Marion Nestle calls herself “a long-lapsed molecular biologist.” The renowned food writer originally set her sights on a career in bench science but switched to the classroom when she found postdoc work hours too much to balance while raising two small children. After a few years of teaching, “I was assigned a nutrition course and it was like falling in love,” she remembers. “I’ve never looked back.”
The years since then have been filled with innumerable achievements. Coauthoring the 1988 Surgeon General’s Report on Nutrition and Health. Creating the field of Food Studies at New York University. Writing the seminal Food Politics (2002) and seven subsequent books. Appearing in seven documentaries, including Supersize Me (2004) and Food, Inc. (2008). In 2011, Forbes magazine listed Nestle second among “the world’s seven most powerful foodies.”
“When we started Food Studies in 1996, everyone thought we were crazy — why would anyone want to study food?” she says. “Now most American universities, and many worldwide, have some kind of food program.”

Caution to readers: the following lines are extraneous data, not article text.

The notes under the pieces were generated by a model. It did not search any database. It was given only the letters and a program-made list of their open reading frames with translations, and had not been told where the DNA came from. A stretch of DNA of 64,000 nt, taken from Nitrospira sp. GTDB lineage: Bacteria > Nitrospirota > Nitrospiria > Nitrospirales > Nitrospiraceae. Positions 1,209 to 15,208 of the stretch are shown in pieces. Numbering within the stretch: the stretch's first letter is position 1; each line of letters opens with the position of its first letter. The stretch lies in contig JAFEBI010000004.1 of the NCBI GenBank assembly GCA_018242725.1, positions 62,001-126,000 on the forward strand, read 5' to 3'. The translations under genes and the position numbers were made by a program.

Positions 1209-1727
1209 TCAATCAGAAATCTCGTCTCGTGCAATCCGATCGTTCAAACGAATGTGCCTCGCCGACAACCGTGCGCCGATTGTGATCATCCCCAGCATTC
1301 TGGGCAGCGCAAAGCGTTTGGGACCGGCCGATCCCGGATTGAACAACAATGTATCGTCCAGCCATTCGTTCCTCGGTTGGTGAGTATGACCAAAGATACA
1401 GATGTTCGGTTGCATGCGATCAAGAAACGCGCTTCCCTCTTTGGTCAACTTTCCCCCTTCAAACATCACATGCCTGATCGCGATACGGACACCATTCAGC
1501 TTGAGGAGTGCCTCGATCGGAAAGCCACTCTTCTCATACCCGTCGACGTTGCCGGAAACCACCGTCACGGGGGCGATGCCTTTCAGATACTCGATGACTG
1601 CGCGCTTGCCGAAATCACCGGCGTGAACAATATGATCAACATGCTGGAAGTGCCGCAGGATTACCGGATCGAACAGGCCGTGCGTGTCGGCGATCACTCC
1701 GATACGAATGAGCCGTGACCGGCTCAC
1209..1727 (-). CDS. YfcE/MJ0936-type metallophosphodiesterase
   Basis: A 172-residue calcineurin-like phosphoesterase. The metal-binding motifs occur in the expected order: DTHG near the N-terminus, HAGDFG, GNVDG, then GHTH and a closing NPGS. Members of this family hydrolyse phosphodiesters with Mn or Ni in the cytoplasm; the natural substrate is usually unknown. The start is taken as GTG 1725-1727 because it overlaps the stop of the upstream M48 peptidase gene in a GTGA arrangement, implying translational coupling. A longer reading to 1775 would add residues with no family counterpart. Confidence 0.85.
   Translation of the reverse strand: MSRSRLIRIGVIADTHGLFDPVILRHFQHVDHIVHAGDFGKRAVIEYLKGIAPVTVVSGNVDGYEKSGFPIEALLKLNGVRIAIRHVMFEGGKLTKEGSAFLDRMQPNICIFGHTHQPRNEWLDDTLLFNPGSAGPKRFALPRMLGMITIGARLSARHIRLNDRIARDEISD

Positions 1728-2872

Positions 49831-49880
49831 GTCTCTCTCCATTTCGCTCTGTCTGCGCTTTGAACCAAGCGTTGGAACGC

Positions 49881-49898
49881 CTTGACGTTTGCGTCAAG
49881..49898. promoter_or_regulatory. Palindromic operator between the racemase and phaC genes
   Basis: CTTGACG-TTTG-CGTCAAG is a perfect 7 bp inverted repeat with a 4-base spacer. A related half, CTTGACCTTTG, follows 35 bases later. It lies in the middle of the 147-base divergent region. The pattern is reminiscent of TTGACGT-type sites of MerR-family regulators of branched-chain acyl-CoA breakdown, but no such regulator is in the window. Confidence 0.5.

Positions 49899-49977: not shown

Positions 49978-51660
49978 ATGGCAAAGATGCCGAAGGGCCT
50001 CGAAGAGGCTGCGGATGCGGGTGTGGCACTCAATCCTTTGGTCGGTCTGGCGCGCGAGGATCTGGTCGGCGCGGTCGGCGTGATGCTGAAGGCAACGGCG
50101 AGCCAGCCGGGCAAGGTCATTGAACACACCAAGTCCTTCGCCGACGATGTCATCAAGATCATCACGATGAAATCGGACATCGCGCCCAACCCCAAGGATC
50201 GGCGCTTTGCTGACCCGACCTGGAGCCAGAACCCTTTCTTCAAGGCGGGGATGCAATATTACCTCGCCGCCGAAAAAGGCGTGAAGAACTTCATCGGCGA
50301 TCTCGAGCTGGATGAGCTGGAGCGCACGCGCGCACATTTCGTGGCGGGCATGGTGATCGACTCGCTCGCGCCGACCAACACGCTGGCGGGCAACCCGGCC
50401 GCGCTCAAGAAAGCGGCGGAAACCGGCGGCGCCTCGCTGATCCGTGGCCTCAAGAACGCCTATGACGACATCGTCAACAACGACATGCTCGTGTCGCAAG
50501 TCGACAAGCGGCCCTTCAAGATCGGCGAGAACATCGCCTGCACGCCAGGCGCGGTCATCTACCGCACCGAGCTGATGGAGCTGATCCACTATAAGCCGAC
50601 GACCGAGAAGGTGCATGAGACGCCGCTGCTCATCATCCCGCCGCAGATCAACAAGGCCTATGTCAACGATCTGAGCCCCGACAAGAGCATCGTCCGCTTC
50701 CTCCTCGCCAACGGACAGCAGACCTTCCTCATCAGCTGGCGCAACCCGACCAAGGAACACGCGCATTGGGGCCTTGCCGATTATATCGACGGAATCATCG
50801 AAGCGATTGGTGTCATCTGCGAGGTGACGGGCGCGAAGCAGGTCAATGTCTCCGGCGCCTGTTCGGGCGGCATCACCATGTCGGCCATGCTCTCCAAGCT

Nestle received her BS from UC Berkeley, Phi Beta Kappa, in 1959, before pursuing her PhD (molecular biology) and MPH (public health nutrition), also from Cal. She was named Public Health Hero by the School of Public Health in 2011.
“As I look back, what I learned at Berkeley was how to think critically about science,” she says. “I can read and assess nutrition research quickly, then offer opinions based on what I know within a broad scientific context — and nobody messes with me about science. I may be criticized for my opinions, but never for their scientific foundations.”